Inside Unmanned Systems

OCT-NOV 2016

Inside Unmanned Systems provides actionable business intelligence to decision-makers and influencers operating within the global UAS community. Features include analysis of key technologies, policy/regulatory developments and new product design.

Issue link: http://insideunmanned.epubxp.com/i/741945

Contents of this Issue

Navigation

Page 58 of 71

59 unmanned systems inside October/November 2016 ENGINEERING. PRACTICE. POLICY. The 941-page report Military Drones: Market Shares, Strategy and Forecasts Worldwide, 2016 to 2022 by lead author Susan Eustis was updated in October 2016. It has 379 tables and fi gures and lists hundreds of drone market participants worldwide. For more information go to: wintergreenresearch.com/ military-drones The 941-page report Military "BECAUSE THE U.S. has chosen not to sell its high-end drones abroad, other countries, such as Turkey, are now highly motivated to build their own." Susan Eustis, Wintergreen Research based EMT Penzberg and France's Dassault Aviation and the Thales Group. Italy's SELEX Galileo is also targeting a measurable share in this market. Cassidian, the German-based defense arm of the European consortium EADS, is devel- oping the Talarion drone that can be used for both military and civilian purposes. There is a strong interest in Europe in de- signing a longer-range UAS for air-to-air com- bat, which could replace fighter jets. French, German, British and Italian firms are moving toward developing these plans, but they are still in the embryonic stage, according to the report. Some see multi-national Airbus as a potential model for a globally competitive Eu- ropean drone manufacturer. Other noteworthy global players include Canadian f irm Aer yon Labs, the publicly traded Swedish firm CybAero, China-based DJI, and Korea-based Gryphon Dynamics. "Military drones represent the future of the national security presence for every na- tion," Eustis said. "Increasing technolog y sophistication and lower costs are achieving dramatic market shifts. With further inno- vation, continued growth of military drone markets is assured." Lockheed Martin's K-Max unmanned cargo drone can deliver a 6,000 lbs. of cargo at sea level and more than 4,000 lbs. at a 15,000 ft. density altitude.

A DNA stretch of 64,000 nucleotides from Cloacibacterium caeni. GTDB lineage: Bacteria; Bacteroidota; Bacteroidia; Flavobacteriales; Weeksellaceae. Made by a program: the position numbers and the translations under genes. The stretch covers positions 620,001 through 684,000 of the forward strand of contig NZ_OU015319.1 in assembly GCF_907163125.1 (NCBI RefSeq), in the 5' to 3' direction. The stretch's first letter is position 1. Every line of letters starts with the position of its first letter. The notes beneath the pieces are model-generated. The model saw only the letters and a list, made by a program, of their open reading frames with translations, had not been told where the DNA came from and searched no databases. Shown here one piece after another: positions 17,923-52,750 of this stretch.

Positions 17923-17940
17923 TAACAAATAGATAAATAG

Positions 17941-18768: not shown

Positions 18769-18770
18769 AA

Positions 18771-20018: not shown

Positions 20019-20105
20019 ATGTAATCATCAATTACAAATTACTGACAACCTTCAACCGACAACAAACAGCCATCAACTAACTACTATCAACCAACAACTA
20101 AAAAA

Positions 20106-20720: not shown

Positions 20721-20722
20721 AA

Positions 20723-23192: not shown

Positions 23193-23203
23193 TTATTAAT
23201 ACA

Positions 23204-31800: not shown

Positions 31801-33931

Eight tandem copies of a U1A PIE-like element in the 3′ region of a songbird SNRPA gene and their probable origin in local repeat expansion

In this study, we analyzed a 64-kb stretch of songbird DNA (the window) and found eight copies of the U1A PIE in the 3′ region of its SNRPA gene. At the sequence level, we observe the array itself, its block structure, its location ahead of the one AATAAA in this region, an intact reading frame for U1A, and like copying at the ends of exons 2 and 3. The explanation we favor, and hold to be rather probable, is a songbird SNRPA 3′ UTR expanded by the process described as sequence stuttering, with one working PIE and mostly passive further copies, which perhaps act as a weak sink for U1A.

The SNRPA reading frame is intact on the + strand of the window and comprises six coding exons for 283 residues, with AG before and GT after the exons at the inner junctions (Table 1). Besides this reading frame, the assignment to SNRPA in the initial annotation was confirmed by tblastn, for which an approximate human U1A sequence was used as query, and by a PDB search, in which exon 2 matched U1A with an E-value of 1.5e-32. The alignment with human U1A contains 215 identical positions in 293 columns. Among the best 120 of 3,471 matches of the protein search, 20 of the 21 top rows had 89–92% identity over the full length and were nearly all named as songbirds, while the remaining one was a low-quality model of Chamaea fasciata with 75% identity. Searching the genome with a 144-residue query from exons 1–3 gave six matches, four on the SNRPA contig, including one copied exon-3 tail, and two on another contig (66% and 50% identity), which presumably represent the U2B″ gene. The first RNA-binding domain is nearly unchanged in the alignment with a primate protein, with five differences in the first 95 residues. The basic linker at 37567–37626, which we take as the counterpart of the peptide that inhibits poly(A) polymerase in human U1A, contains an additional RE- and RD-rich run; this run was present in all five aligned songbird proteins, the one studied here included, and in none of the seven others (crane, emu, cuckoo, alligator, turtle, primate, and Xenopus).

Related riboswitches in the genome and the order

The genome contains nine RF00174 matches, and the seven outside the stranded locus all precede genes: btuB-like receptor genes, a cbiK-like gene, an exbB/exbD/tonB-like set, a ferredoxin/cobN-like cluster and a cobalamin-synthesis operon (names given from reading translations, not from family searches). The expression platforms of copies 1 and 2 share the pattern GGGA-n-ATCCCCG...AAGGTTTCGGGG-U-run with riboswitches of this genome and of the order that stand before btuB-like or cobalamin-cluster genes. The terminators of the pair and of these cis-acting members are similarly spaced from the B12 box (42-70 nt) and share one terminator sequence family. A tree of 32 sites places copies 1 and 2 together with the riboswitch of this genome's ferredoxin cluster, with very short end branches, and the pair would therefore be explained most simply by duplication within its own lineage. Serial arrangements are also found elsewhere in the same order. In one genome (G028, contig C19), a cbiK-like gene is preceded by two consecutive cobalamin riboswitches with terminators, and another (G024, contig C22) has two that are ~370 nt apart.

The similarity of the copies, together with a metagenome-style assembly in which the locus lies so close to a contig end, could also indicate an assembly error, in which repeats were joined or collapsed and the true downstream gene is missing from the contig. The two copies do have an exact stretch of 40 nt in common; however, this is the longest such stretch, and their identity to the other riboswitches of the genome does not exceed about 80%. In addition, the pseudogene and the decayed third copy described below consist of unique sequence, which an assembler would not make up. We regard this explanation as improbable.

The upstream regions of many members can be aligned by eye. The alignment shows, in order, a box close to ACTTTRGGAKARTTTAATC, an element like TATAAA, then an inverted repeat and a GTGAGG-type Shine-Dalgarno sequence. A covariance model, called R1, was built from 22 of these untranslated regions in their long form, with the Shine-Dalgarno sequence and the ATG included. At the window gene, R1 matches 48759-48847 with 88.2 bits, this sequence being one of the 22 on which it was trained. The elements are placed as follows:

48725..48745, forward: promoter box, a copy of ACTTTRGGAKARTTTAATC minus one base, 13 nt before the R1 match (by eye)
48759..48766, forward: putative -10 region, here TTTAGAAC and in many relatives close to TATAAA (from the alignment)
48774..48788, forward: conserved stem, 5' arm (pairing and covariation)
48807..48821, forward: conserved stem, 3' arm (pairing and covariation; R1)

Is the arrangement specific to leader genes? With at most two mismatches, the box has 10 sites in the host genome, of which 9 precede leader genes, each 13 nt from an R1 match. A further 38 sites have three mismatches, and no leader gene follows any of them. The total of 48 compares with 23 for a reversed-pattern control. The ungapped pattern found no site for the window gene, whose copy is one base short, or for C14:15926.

Articles in this issue

Links on this page

Archives of this issue

view archives of Inside Unmanned Systems - OCT-NOV 2016